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Over 200 dead in Sri Lanka bombings

China Daily | Updated: 2019-04-22 07:19
An injured Sri Lankan Special Task Force member is carried by colleagues after a blast during their search of a house in the capital Colombo on Sunday. [Photo/Agencies]

Bomb blasts ripped through churches holding Easter services and rocked upscale hotels in Sri Lanka on Sunday, killing at least 207 people and leaving more than 470 injured, prompting a curfew being declared nationwide, government authorities said.

A total of eight explosions had ripped through the country as of press time, with six blasts hitting in the morning and two in the afternoon, and the curfew was imposed from 6 pm Sunday to 6 am Monday, Xinhua News Agency reported.

The Sri Lankan government has also imposed a temporary ban on social media to prevent the spread of false information, Reuters reported.

Police confirmed that 35 foreigners died in the blasts, including British, Dutch and US citizens. Two Chinese nationals were among the dead, Xinhua reported, citing the Chinese embassy in Sri Lanka.

Sri Lankan Prime Minister Ranil Wickremesinghe condemned the attacks as "cowardly", and said the government was working to "contain the situation".

Agence France-Presse called it the worst act of violence in the South Asian nation since the end of Sri Lanka's civil war a decade ago.

The powerful blasts, six in quick succession and then two more a few hours later, wrought massive carnage as they occurred when hundreds of worshippers were gathered at churches to celebrate Easter Sunday.

Police spokesperson SP Ruwan Gunasekara said explosions were reported at St. Anthony's Church in the capital Colombo, and another at a church in Katana on the outskirts of the capital.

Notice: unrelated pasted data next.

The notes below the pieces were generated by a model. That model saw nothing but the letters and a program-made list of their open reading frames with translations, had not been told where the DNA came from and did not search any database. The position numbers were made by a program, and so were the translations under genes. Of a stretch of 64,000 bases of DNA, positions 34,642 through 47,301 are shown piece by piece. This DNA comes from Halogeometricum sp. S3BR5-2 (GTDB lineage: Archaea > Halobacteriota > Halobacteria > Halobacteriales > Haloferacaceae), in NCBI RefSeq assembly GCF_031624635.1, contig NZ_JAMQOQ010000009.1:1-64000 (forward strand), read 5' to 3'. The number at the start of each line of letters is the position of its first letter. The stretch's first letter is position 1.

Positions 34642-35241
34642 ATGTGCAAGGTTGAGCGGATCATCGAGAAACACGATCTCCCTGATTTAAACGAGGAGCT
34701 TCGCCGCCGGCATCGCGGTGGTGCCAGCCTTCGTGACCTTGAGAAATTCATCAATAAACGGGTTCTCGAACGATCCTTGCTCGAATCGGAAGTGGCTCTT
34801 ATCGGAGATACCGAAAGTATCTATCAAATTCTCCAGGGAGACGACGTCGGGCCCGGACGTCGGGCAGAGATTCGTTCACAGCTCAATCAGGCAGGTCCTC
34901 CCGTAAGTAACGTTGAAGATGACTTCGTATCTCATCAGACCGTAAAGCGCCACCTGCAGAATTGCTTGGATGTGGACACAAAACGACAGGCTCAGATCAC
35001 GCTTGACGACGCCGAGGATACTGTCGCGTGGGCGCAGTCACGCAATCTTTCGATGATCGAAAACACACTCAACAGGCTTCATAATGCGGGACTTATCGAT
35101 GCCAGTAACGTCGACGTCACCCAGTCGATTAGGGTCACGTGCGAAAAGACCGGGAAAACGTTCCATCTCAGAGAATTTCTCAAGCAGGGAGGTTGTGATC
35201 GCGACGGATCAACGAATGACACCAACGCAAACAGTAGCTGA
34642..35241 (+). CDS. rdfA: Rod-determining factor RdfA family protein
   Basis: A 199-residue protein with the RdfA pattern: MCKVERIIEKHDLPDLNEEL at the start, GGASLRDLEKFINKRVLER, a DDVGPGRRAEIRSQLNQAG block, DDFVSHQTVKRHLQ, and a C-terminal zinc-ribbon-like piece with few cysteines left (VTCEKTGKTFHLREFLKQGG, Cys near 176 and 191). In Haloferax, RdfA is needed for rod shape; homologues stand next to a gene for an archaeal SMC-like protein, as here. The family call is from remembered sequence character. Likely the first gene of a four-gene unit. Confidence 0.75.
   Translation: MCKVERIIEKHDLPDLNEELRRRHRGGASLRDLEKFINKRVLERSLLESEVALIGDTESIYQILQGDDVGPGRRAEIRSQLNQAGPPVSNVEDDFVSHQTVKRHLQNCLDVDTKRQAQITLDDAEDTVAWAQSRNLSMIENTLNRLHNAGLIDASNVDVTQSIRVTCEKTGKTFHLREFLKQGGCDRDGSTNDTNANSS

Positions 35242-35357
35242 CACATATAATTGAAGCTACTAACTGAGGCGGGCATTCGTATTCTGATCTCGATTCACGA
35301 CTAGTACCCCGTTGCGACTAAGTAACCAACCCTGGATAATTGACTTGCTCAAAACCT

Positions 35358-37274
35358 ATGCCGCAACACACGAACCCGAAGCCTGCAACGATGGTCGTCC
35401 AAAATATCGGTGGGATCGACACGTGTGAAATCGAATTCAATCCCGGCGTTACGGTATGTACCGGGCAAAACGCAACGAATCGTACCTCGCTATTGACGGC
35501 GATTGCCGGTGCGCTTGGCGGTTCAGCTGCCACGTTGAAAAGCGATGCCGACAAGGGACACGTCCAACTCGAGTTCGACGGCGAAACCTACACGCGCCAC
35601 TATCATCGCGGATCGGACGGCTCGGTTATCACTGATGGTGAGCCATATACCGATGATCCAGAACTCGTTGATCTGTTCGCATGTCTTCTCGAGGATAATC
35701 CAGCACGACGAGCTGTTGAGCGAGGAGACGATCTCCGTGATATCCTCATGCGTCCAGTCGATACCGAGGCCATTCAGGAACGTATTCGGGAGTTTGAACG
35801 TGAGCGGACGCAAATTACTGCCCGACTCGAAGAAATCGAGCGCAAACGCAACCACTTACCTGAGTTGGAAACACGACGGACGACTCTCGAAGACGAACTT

A third explosion was reported at a church in Batticaloa to the east.

Television footage also showed blasts occurred at three hotels-the Cinnamon Grand, Shangri-La and Kingsbury hotels, all in the capital, which took place following the church blasts.

The seventh explosion happened opposite the Dehiwala Zoo in Colombo, and the eighth, in a house in a northern suburb of the capital, which was caused by a suicide bomber who detonated his explosives when police entered the residence to search it, AFP reported.

Police urged the public to stay indoors and not gather at the explosion sites which had been sealed off.

The Chinese embassy in Colombo activated an emergency response mechanism immediately after the incident, and embassy officials visited injured Chinese nationals being treated in hospitals who were reportedly in stable condition.

World leaders have denounced the blasts. No group has yet claimed responsibility.

Russian President Vladimir Putin called the attacks "cruel and cynical", while voicing confidence that "the perpetrators and the masterminds of such crimes committed amid the Easter festivities will get the punishments they deserve".

British Prime Minister Theresa May said, "The acts of violence against churches and hotels in Sri Lanka are truly appalling, and my deepest sympathies go out to all of those affected at this tragic time".

Turkish President Recep Tayyip Erdogan condemned the attacks, calling them "an assault on all of humanity."

Indian Prime Minister Narendra Modi said his thoughts are with the bereaved families. "There is no place for such barbarism in our region," he tweeted.

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